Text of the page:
CIL has created an opportunity for the Career Centre to partner with academics in the holistic education of our students and has led to the development and addition of expanded career development programs within curriculum.

The student experience

We have heard repeatedly from students that CIL made them more aware of the skills they were developing and helped them understand how to apply that knowledge in their career decision-making and job search. CIL helps students build confidence in their abilities.

Learning how to deconstruct their experiences and identify and articulate competencies are valuable skills students will use throughout their personal and professional lives.

“In first year, many of us do not know exactly what career we are looking for,” says Sarah Caley, a first-year student in the Faculty of Arts. “CIL provided resources and helpful information to encourage us to keep our minds open to different career paths.”

Caley is interested in pursuing a writing career after graduation, but she understands that writing skills can be transferable across many professional environments.

“Writing is a crucial skill in most workplaces,” says Caley. “The CIL activities really helped me make the connection between my coursework and my future.”

Faculty reception

For many faculty members, CIL offers an opportunity to increase students’ appreciation of course content and encourage deeper learning using assessments already embedded in their courses. CIL gives students the chance to better understand the purpose of an assignment and how it relates to their personal and professional development.

“A university education goes beyond job training and should be based in the exploration of ideas … we owe it to our students to help them recognize the range of valuable competencies they develop during their degree so they can feel confident in their career search,” says Ada Sharpe, assistant professor in Laurier’s Department of English.

Sharpe has included CIL in eight sections of her course EN190: Introduction to Academic Writing. Students in EN190 gain foundational skills in writing and communication applicable across all areas of study, including the ability to summarize complex ideas, critically review source material, present ideas verbally with clarity and purpose, and engage in the civil and open exchange of ideas.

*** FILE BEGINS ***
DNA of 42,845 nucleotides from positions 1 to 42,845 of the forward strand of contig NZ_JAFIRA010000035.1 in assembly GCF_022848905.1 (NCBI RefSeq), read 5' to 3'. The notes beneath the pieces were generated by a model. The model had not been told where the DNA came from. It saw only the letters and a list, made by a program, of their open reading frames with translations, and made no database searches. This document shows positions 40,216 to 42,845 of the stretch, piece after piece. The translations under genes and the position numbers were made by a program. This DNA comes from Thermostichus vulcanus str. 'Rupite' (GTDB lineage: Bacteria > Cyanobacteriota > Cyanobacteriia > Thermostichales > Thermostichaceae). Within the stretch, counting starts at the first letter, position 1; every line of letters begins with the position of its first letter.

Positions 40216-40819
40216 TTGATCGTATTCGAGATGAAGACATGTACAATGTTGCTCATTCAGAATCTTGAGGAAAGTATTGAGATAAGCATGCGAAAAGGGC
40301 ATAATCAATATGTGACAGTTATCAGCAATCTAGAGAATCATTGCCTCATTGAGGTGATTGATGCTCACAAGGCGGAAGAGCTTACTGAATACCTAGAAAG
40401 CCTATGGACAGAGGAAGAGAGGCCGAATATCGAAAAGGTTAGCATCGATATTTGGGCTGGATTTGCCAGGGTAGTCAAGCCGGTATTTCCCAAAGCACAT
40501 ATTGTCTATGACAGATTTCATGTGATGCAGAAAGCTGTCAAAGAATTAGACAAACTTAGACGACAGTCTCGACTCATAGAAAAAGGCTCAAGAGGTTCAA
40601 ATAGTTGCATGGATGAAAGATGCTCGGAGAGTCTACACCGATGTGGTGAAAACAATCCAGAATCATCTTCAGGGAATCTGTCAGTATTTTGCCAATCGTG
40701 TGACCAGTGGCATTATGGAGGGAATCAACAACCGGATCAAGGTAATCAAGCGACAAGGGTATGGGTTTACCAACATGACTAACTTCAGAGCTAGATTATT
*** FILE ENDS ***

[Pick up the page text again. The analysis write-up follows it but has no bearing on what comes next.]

Sharpe believes CIL is an effective way to inspire students to recognize and articulate the value of their university studies, and as a result, help them to nurture a sense of purpose throughout their academic experience.

Since the pilot, CIL has expanded across the majority of faculties at Laurier, reaching approximately 5,000 students in over 90 classes offered from first to final year of the undergraduate curriculum.

Jan Basso Author
Jan Basso is AVP: Experiential Learning & Career Development at Wilfrid Laurier University and Past Chairperson of the CERIC Board. She is a recognized leader in the field of post-secondary career development, actively involved in related professional associations and networks, and has demonstrated a commitment to sharing her expertise throughout her career. She welcomes inquiries related to the Career-Integrated Learning Program at Laurier and the Laurier Experience Record.
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Jan Basso Author
Jan Basso is AVP: Experiential Learning & Career Development at Wilfrid Laurier University and Past Chairperson of the CERIC Board. She is a recognized leader in the field of post-secondary career development, actively involved in related professional associations and networks, and has demonstrated a commitment to sharing her expertise throughout her career. She welcomes inquiries related to the Career-Integrated Learning Program at Laurier and the Laurier Experience Record.